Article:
Key Takeaways From The IMOA's Annual General Meeting
At the International Molybdenum Association's annual general meeting last month, CPM Group's Catherine Virga and Markus Moll of SMR Steel & Markets Research presented their opinions on where the moly market is headed.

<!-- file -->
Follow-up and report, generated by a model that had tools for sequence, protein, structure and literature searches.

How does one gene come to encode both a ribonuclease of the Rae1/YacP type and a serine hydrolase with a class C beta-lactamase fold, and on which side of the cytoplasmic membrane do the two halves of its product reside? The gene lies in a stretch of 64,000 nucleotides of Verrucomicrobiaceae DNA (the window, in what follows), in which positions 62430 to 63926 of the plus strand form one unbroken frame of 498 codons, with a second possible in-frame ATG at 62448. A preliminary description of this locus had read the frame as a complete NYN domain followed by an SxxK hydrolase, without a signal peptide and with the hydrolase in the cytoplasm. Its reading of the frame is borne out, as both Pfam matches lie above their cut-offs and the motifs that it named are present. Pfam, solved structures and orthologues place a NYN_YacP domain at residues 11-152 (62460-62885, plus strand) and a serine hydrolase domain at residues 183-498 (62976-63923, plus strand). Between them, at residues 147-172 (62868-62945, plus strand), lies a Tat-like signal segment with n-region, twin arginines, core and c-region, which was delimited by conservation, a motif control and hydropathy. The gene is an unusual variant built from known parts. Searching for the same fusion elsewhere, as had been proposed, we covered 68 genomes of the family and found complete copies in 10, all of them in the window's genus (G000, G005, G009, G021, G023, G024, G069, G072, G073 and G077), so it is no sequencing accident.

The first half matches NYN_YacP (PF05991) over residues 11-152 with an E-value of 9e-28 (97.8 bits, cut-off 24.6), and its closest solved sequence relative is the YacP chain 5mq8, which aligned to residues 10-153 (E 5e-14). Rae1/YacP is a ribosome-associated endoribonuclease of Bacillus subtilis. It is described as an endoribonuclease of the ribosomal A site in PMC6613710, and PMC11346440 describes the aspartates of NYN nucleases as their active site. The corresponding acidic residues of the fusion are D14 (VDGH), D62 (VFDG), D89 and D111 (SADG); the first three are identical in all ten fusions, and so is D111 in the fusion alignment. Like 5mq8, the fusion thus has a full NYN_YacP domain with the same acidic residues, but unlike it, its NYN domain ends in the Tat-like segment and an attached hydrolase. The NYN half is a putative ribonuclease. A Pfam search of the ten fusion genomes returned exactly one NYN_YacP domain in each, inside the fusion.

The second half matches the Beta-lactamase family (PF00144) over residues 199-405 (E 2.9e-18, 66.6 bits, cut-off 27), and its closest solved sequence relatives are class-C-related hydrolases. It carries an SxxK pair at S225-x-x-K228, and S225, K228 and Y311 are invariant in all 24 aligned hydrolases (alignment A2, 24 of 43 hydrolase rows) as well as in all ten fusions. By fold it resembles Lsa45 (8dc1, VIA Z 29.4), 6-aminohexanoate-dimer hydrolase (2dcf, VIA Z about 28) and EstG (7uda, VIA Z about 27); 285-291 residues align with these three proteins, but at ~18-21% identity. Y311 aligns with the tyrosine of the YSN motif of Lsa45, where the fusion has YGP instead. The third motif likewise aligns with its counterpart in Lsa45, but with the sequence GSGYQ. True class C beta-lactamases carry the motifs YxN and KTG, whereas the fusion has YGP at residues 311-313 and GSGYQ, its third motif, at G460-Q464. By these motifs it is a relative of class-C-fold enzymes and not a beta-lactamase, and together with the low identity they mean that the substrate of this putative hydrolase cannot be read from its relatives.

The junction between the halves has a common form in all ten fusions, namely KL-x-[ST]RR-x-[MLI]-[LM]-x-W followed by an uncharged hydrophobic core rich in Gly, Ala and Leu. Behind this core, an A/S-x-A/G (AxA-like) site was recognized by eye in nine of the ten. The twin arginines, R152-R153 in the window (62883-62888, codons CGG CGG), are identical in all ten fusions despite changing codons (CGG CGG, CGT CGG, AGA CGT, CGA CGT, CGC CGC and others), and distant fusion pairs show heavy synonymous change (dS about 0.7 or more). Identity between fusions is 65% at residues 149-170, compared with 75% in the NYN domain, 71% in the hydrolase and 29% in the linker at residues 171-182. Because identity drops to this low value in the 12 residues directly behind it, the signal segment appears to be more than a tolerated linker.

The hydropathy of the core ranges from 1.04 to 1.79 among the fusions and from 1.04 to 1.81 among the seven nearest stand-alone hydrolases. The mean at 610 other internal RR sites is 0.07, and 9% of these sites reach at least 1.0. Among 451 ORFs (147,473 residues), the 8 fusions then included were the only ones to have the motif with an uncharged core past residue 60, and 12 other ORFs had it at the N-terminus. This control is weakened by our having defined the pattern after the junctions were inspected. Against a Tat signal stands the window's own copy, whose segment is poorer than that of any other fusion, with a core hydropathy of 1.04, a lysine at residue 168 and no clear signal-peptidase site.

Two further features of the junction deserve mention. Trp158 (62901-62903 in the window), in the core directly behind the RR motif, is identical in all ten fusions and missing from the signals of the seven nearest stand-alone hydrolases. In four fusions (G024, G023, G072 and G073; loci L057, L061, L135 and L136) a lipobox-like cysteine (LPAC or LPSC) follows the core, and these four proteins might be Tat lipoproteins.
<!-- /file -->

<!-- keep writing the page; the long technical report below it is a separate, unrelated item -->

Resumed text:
At the International Molybdenum Association's (IMOA) annual general meeting, held last month in Salt Lake City, Utah, a number of experts analyzed the moly market and presented their outlook for the metal moving forward.a Here's a look at the key takeaways from presentations by Markus Moll, managing director at SMR Steel & Markets Research, and Catherine Virga, director of research at CPM Group. Demand drivers Moll spent much of his presentation discussing where future demand for molybdenum is likely to come from, stating that the oil and gas industry is currently the most important source of usage, accounting for 20 percent, as per Metal-Pages. "It was always your good friend. Now it's your best friend," the publication quotes Moll as saying. Specifically, he said that gas exploration, particularly deepwater projects, is "seeing increasingly stringent equipment specifications," and those are leading to increased demand for molybdenum. He also mentioned the automotive sector and mechanical engineering industry as other larger sources of demand for the metal. For her part, Virga said that emerging markets "will remain the dominant drivers of growth," while technological innovation — for instance, from computer manufacturers — should account for "the next big wave of consumer demand." She sees demand for moly growing by 2 percent this year, to 570 million pounds. Potential concerns Virga explained in her presentation that one thing that may hamper the moly market is rising interest rates, "especially in the United States where the Federal Reserve may start to taper off its economic stimulus programme or employ other tools to mop up excess liquidity." Across the globe, there is some anxiety that "a crackdown on shadow financing" could direct high-risk debt to China's formal lenders, "leading to knock-on effects for the construction and associated sectors," Metal-Pages quoted Virga as saying.